Original languageEnglish (US)
JournalPediatric Infectious Disease Journal
DOIs
StateAccepted/In press - Jan 13 2016

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Bocavirus
Human bocavirus
Respiratory System
DNA
Otitis Media
Respiratory Tract Infections
Infection
Recurrence
Viral DNA
Longitudinal Studies
Prospective Studies
Viruses

ASJC Scopus subject areas

  • Pediatrics, Perinatology, and Child Health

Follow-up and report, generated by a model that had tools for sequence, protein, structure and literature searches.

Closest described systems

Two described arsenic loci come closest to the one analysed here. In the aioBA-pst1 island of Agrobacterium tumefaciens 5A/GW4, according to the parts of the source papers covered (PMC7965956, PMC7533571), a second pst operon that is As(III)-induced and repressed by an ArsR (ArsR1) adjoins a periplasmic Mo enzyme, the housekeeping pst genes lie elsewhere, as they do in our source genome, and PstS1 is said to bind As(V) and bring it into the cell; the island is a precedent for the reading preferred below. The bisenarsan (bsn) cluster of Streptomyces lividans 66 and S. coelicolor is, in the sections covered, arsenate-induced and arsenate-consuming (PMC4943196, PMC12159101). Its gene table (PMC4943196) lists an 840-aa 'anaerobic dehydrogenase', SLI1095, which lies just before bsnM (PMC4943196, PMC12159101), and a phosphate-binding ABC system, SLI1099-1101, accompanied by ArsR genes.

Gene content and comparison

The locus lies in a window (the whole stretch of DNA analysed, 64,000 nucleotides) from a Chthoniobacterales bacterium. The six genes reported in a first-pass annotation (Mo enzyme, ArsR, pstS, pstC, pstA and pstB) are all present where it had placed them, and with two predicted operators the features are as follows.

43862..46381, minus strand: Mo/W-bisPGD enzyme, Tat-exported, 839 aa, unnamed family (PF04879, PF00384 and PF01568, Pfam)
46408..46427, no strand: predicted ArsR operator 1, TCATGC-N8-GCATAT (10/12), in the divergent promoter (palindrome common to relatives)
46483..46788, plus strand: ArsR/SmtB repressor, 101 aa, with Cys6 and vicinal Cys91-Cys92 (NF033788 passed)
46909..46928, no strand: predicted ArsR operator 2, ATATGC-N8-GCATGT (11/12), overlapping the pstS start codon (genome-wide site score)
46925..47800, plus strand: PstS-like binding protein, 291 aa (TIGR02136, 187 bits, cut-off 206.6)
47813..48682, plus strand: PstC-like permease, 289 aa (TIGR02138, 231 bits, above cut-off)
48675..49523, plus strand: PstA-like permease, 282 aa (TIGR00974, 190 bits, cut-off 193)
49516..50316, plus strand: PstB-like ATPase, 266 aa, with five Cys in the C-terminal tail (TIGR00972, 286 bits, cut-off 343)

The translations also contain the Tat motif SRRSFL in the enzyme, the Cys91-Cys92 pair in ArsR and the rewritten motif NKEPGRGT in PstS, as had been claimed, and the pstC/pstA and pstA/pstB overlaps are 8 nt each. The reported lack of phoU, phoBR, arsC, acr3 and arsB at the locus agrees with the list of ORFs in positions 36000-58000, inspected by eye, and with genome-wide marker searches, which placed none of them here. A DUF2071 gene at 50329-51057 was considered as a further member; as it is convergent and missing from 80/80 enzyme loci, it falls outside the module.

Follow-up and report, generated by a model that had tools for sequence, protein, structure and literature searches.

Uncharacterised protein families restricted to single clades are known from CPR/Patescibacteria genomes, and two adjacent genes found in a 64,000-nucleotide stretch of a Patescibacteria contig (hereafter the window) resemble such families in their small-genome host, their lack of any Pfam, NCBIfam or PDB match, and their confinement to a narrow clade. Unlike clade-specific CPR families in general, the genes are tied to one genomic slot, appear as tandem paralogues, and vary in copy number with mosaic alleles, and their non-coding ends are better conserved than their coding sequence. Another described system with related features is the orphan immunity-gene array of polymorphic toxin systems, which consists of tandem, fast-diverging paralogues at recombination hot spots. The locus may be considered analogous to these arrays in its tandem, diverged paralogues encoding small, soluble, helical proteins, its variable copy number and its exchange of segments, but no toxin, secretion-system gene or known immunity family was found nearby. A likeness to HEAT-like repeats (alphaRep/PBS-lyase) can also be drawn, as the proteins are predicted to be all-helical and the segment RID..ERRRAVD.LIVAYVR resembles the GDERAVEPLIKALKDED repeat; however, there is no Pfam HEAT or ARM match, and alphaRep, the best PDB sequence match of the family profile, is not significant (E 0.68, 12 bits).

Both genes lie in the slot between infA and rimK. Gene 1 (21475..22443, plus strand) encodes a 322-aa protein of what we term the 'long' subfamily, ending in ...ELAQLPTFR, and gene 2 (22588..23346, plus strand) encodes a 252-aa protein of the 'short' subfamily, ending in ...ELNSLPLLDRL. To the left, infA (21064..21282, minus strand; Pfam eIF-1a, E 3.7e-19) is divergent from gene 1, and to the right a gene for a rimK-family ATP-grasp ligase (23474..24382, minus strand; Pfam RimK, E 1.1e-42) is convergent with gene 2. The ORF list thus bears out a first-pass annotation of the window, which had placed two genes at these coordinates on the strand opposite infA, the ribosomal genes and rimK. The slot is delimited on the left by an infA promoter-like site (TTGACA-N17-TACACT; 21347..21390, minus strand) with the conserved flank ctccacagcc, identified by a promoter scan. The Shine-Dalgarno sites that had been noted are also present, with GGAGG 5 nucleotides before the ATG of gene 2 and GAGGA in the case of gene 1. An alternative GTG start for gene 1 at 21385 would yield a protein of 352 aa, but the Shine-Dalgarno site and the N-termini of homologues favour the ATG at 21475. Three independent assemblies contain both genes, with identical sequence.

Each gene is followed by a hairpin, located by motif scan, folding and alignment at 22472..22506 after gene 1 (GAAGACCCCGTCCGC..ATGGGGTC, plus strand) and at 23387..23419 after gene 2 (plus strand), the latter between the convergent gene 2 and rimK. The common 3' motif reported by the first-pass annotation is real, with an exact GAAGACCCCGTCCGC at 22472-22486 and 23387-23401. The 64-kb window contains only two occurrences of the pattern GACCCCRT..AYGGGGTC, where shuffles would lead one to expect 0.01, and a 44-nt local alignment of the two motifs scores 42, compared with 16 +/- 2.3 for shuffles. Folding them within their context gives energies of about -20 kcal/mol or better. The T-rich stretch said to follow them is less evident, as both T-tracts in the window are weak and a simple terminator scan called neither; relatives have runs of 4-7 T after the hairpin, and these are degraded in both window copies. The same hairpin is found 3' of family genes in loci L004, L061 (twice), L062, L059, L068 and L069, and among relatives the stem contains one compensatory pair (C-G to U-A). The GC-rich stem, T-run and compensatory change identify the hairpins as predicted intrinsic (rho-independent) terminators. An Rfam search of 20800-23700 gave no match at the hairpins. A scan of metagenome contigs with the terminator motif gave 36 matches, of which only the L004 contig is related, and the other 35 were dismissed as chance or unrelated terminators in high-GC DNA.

• Infectious Diseases
  • Microbiology (medical)

Cite this

Determining Persistence of Bocavirus DNA in the Respiratory Tract of Children by Pyrosequencing. / Castro Wagner, Johana; Pyles, Richard; Miller, Aaron L.; Nokso-Koivisto, J.; Loeffelholz, Michael J.; Chonmaitree, Tasnee.

In: Pediatric Infectious Disease Journal, 13.01.2016.

Research output: Contribution to journalArticle

Castro Wagner, Johana ; Pyles, Richard ; Miller, Aaron L. ; Nokso-Koivisto, J. ; Loeffelholz, Michael J. ; Chonmaitree, Tasnee. / Determining Persistence of Bocavirus DNA in the Respiratory Tract of Children by Pyrosequencing. In: Pediatric Infectious Disease Journal. 2016.